Unlike so many people, George Johnson grew up in a warm and supportive family dominated by his mother's mother, Nanny. She knew instinctively that George was different and took him under her wing. Her love and acceptance of George went a long was to launch him into the person he has become today. She said, "I love all of my grandkids, but I love each of you differently. Because you each need different things." George said that phrase "different things" part spoke to his soul.
The family may have been warm and accepting but the world often wasn't and George shares many stories, starting with getting his teeth knocked out in kindergarten at age six, when kids bullied or teased him in school. Kids can be so mean for the littlest infractions like pimples or frizzy hair, imagine how awful they can be to an effeminate boy. Throughout the book George explores the "intersectional identities in his own life by weaving questions of gender, masculinity, brotherhood, family, and Black joy throughout all this stories" (Book Jacket).
George decided he wanted to write this young adult memoir as a reassuring testimony for queer men of color, so that they can find a way to integrate themselves into a whole, perfectly designed person.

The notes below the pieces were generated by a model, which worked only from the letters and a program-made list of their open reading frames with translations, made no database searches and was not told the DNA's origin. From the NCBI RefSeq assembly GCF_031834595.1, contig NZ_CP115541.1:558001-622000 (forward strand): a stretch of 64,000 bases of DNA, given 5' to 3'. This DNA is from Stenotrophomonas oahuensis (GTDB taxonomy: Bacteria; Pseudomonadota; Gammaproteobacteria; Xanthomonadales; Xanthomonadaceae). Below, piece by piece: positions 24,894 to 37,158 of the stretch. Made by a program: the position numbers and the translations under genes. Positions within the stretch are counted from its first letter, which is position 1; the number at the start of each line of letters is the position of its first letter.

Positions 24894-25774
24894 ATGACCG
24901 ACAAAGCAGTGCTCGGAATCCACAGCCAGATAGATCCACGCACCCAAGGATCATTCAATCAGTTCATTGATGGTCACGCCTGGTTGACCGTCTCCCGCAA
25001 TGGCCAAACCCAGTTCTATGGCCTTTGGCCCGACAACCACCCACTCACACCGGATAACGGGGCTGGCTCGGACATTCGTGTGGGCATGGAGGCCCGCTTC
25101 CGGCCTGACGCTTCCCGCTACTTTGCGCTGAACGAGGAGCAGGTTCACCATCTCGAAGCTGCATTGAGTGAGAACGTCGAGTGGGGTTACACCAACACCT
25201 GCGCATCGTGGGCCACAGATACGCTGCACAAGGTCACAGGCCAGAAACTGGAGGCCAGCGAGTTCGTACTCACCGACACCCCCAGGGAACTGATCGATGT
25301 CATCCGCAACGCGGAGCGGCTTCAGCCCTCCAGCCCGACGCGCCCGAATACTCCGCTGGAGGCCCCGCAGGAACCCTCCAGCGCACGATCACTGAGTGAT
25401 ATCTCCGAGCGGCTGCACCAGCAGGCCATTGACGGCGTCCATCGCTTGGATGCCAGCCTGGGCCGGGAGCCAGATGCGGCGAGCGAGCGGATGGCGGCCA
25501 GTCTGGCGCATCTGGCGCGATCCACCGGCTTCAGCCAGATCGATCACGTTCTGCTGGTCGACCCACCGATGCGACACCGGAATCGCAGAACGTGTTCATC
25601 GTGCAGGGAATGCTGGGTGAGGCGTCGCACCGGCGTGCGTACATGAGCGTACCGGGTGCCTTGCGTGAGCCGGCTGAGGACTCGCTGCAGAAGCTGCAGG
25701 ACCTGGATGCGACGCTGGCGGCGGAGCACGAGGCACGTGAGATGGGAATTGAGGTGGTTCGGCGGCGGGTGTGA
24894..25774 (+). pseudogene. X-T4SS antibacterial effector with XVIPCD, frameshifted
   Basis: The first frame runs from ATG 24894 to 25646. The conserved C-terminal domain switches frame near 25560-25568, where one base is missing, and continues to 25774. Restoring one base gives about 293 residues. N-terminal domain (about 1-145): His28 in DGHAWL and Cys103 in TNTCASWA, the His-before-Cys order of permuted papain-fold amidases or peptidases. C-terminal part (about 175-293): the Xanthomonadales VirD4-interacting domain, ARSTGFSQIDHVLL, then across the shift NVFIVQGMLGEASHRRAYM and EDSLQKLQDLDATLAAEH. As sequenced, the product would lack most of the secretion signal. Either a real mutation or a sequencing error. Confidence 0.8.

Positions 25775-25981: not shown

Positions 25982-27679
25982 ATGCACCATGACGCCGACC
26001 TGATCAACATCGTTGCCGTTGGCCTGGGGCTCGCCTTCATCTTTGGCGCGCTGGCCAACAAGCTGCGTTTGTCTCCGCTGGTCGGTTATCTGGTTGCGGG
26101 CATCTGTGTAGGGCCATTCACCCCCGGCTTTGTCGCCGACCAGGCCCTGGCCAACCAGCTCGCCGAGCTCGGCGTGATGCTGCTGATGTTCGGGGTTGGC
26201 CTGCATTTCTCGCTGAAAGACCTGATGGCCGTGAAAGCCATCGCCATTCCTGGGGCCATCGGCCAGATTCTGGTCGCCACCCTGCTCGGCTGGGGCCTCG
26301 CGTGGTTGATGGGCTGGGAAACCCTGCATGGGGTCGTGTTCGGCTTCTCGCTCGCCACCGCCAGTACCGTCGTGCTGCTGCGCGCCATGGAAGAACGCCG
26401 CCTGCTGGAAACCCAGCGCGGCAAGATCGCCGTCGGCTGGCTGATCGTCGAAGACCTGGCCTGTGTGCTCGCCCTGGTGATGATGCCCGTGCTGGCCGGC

What I liked about the book:
- My favorite parts of each chapter were the summaries of that chapter's theme. For example, at the end of the chapter about his own name, George Johnson says, "Suffice it to say, respect people for their names, and how they choose to identify. This also goes for respecting people for their choice of pronouns--him/her, she/he, they/them, god, goddess, or whatever."
- This book is really important as is its placement on the shelves of libraries that teens frequent. Black queer teens need to be able to find themselves on the pages of the books they read.
What I didn't like about the book:
- Every chapter wasn't directed to the generic reader which made it awkward and confusing at times. Sometimes George seemed to be writing a chapter to a particular person, referring to that person as 'you' while most of the chapters referred to others by their names. Occasionally he would insert a letter written specifically to one person. These at least used a different font so it wasn't as confusing.
- Several times in the book George Johnson refers to people who have died untimely deaths and how the deaths impacted him. By only giving the barest of details, readers are left out of the full emotional impact of the event. I didn't want to be a voyeur, it just felt like a few more details would have been helpful and warranted.
- This isn't really a criticism but a warning. This book is not designed for younger teens or pre-teens. There is some descriptions of explicit sex
Source: print edition checked out from public library.